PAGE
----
The March on Washington: 50 Years On


August 28, 2013 04:46 EDT

The importance of King’s dream and the march on Washington is the lasting impact it has on society as a whole. 


Martin Luther King Jr’s “I Have a Dream” speech on Wednesday, August 28, 1963, was a pivotal moment in the Civil Rights Movement that ignited at the end of World War II. Fifty years ago today, the world bore witness to a mass of 200,000 Americans, black and white, gathered at the steps of the Lincoln Memorial in Washington DC. On display, a man presented his vision of the future: a dream. The speech encompassed the zeitgeist of post-War America, calling on the American people to look upon Lincoln and the founding documents as discernible vanguards to a united future. Drawing attention to the perpetual struggle, King heralded that the freedoms sought after by those among them were not inconceivable.

The march on Washington in 1963 would be preceded by four historic events. Prescient of the stream of change that would engulf the nation, these events laid the foundation for the march. It began in South Carolina, the last state to racially integrate its public schools, with the admission of Harvey Gantt at Clemson University. His efforts eventually led to the integration of all South Carolina schools by 1965. The feat marked the end of a tradition and the beginning of a new era in South Carolina’s education system.

Later, in March 1963, the Supreme Court’s decision in Gideon vs Wainwright further evidenced the injustices of the Scottsboro Boys’ case that originated in 1931. The decision, derived from a local Alabama case, laid the groundwork for right to counsel and the public defender system that exists today.

The “Letter from Birmingham Jail” was the result of the imprisonment of Martin Luther King Jr, Ralph Abernathy and Fred Shuttlesworth in a Birmingham jail in April.  The concatenation of events that resulted from their detainment is innumerable. This singular event in history came to define Birmingham alongside the recurring acts of violence it would precede.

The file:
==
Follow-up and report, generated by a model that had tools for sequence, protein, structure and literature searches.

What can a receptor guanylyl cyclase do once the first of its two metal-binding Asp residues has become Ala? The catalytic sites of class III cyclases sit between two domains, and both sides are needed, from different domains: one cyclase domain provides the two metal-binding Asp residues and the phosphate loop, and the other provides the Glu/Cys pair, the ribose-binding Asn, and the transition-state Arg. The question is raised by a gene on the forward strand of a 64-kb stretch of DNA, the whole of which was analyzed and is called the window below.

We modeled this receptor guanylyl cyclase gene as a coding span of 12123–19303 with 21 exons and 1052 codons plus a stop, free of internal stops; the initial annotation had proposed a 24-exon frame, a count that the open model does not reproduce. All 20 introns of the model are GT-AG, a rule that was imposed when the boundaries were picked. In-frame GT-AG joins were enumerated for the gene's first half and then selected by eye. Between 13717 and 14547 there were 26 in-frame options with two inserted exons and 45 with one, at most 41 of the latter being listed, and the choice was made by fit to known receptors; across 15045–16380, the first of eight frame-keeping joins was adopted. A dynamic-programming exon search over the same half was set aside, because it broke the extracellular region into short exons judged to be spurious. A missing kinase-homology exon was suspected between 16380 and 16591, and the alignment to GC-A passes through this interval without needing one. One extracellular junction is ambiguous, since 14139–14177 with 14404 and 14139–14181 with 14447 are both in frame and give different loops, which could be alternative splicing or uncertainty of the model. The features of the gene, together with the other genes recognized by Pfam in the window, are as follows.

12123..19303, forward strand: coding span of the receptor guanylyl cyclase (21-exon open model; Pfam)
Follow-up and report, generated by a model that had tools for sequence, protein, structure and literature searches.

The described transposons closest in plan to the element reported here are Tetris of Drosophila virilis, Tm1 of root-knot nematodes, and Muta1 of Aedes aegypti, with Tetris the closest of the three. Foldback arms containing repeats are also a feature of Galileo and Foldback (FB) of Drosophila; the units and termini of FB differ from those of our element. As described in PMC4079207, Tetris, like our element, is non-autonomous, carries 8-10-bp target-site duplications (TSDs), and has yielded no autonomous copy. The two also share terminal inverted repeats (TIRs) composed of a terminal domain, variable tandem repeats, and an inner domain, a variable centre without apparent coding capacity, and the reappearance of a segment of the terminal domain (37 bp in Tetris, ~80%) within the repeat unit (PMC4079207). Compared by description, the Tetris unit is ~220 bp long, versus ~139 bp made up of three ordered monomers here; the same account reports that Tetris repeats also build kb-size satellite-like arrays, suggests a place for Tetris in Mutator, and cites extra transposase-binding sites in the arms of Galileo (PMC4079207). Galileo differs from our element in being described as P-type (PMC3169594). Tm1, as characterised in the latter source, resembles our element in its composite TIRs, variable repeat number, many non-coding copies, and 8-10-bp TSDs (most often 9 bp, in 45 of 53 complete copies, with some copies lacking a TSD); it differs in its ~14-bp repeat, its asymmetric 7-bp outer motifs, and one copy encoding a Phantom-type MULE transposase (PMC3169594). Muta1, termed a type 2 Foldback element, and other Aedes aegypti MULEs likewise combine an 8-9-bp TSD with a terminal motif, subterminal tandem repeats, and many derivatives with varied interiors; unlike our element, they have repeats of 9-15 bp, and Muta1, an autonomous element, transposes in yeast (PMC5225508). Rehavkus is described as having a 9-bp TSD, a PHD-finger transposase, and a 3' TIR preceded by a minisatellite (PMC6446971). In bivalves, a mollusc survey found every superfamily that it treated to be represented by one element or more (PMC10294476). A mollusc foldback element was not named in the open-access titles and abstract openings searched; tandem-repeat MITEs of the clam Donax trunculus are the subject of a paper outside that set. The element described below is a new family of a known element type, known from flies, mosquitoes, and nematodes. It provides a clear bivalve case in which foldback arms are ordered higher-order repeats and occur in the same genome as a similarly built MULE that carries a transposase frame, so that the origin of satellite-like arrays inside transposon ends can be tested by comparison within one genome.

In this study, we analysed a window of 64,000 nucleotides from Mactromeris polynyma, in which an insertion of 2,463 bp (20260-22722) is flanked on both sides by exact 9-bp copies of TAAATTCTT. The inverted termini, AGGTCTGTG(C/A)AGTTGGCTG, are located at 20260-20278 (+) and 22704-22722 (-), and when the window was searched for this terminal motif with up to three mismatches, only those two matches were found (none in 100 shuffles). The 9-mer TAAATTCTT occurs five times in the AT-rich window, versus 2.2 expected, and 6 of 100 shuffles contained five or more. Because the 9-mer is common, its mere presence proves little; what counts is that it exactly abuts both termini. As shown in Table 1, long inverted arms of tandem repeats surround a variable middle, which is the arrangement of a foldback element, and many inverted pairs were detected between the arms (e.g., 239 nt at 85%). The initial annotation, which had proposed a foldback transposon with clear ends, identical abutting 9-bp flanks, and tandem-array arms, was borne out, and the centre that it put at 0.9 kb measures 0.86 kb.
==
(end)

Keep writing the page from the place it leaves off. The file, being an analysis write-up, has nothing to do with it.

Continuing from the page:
The significance of the “Letter” lies within its origins — illuminating the tragic situation and enlightening the masses to the atrocities that would soon escalate, elevating a city to national recognition. In his response to, “A Call for Unity,” King depicted the struggle for freedom, not as the Black American’s, but instead as an injustice against all citizens of the United States.

The original text provides the thematic background for the struggle he defined in the August 28 speech. Within the six page letter, King outlines the crisis within Alabama and advances a paradigm of non-violent campaigns and peaceful protests that would become synonymous with his legacy.

One hundred years after Lincoln and three months before his own assassination, President John F. Kennedy delivered his Civil Rights Address from the Oval Office. The speech was the framework for the 1964 Civil Rights Act, calling on the American people to defend the rights of their neighbors: “In short, every American ought to have the right to be treated as he would wish to be treated.” JFK called for a bipartisan examination of local and national laws to work hand-in-hand with those willing to accept the moral fight for equality. In July 1964, President Lyndon Baines Johnson signed the Act into law, outlawing discrimination on the basis of religious, racial and ethnic grounds.

Why is the 50th Anniversary Relevant?

During the March on Washington, Martin Luther King Jr stood at the Lincoln Memorial expressing disapproval of the society of which he, too, was a member. Yet, as he spoke to the nation, dramatizing the appalling condition that plagued generations of Americans, he dreamt of equality in a not too distant future. 

The purpose of the event was to demonstrate the certitude of bringing men and women together from all walks of life. The images which define that day in history were a harbinger of the world we live in today; imperfect in many ways, yet reaching for that which is unseen. Our yesteryear is a realization of the labors of many; the Civil Rights Act of 1964 and the Voting Rights Act of 1965 illustrate the certainty of 200,000-plus Americans who stood for equality.

The message has remained the same and the struggle wages on with different facets of society wading against the tide for equality. In stride with the ideals that embody the nation, August 28 echoes the freedoms that are present today.

The icons of that era defined a generation in want of opportunity and freedom. The importance of King’s dream and the march on Washington is the lasting impact it has on society as a whole. Yet, as history has shown, one man alone cannot make a difference. It takes a nation to stand together and progress hand in hand, regardless of race, culture and gender.                                      

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